Fear Not Bulldawg Nation, Georgia Has the Tools to Compete in 2009

Mike In ValdostaCorrespondent IJuly 29, 2009

ATHENS, GA - NOVEMBER 29:  A Georgia Bulldogs fan yells during a defensive stand during the game between the Georgia Tech Yellow Jackets and the Georgia Bulldogs at Sanford Stadium on November 29, 2008 in Athens, Georgia.  The Yellow Jackets beat Bulldogs 45-42.  (Photo by Mike Zarrilli/Getty Images)

Time had not expired on the Citrus Bowl clock when the questions about Matthew Stafford's and Knowshon Moreno's future took center stage. Then came the answer and the fretting, then more fretting. Add Mohamed Massaquoi to the list of departures and fret some more.

The Joe Cox era will begin without the quarterback controversy that seems to be the norm at other schools. From every indication, he has the complete confidence of his teammates and coaching staff, if not the NFL scouts.
He has been in the program for four years, is a student of the game, and aspires to be a coach when his playing days are done. His top goal in life is to be head coach of a national champion.
As a player, will he lead his team to a championship? We are about to find out.

I certainly do not remember a more daunting season opener than to be breaking in a new quarterback on the road. We should know all we need to know about the "Ginger Assasin" by the time we hit the Arkansas line on the way home from Stillwater. Expect him to do what coaches do, get the ball into the hands of his play makers.
Caleb King and Richard Samuel both ooze athleticism. King is very shifty and has decent speed. Samuels is a load that has some get up and go.
King tended to bounce it outside a little too much last year. Samuel looked like a strong safety carrying the football and looking for contact.
A year of seasoning and film study should pay off. Carlton Thomas and Washuan Ealey will make sure these two do not get complacent.
Coach Richt's recent comment about King being No. 1 "for a reason, not just because we like him" gets me pretty fired up. It seemed like both of these guys were trying a little too hard last year.
As their carries increase I imagine things will slow down for them and their talent will prevail. Running back is not going to be a weakness for this team.

The only knock on our No. 8 appears to be that he doesn't spell his name J-u-l-i-o J-o-n-e-s. Without getting into any media biases against our guy, the real question is who will benefit from the double teams WR A.J. Green is certain to face all season.
Just like with our running backs, there is a lot of receiving talent on the roster that has yet to demonstrate itself in game situations. One advantage they will have is the amount of practice reps they have shared with Cox while MoMass was catching the Stafford strikes.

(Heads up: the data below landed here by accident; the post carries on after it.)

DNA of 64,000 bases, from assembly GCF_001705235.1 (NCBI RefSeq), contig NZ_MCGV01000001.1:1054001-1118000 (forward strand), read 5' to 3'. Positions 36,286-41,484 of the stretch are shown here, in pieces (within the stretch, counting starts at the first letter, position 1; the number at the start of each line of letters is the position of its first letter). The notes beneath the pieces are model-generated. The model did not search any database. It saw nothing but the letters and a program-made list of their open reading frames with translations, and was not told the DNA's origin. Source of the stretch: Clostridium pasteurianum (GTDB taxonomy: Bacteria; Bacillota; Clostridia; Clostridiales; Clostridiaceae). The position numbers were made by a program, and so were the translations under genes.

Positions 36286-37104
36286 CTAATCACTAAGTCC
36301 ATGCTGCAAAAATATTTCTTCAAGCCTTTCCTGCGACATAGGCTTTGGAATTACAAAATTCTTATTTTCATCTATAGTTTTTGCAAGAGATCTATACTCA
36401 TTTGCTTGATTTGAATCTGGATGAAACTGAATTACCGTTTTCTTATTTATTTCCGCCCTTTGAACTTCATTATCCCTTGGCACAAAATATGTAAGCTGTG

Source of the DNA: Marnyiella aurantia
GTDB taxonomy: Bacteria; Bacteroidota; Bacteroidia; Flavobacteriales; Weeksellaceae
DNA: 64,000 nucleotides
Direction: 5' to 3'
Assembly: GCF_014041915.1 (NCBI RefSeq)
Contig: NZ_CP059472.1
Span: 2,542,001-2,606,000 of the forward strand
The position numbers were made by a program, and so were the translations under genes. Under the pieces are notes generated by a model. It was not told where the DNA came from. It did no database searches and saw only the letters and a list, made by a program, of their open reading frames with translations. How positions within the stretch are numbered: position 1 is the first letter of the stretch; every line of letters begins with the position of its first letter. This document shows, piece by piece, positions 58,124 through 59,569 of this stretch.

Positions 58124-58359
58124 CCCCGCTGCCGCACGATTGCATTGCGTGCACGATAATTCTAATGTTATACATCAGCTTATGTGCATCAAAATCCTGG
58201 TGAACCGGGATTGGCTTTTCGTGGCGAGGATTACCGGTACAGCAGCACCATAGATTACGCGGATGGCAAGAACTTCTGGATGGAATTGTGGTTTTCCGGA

These guys are scholarship athletes at the University of Georgia. We will be fine.

No offense to Tripp Chandler, but tight end has not been a strength in recent years. The coaches appeared to have addressed this shortcoming with excellent recruiting.
Only time will tell, but I am looking forward to seeing the big guys fly down the middle of the field again. I am sure Joe Cox does too.
With all of the attention giving to the departures, it is easy to lose sight of what remains. Coach Searels has plenty of healthy talent to coach up. In retrospect, the Dawg's accomplishments last year were pretty amazing given all of the injuries and changes along the offensive line.
Last year's weakness should be this year's strength. Even a Yankee knows football games are won and lost in the trenches. This year, the trenches should be our briar patch.

So fear not Bulldawg Nation. 2009 promises to have the Dawg's back in the thick of the SEC race. We even have one more orange clad opponent on the schedule, and nothing makes your red pants look better than to stand next to someone wearing an orange.
There have been more stories than I care to recognize detailing the amount of offense that has departed the Classic City. Georgia averaged 426 yards per game in 2008, all but about 50 of those yards were produced by the aforementioned trio.

This is the game we love. We pour our heart and sole into these young men, living through their successes and dying with their failures.
Then they leave and others take their places. Their athletic eligibility is limited but their place in the Bulldawg Nation is eternal. This is the game we love.

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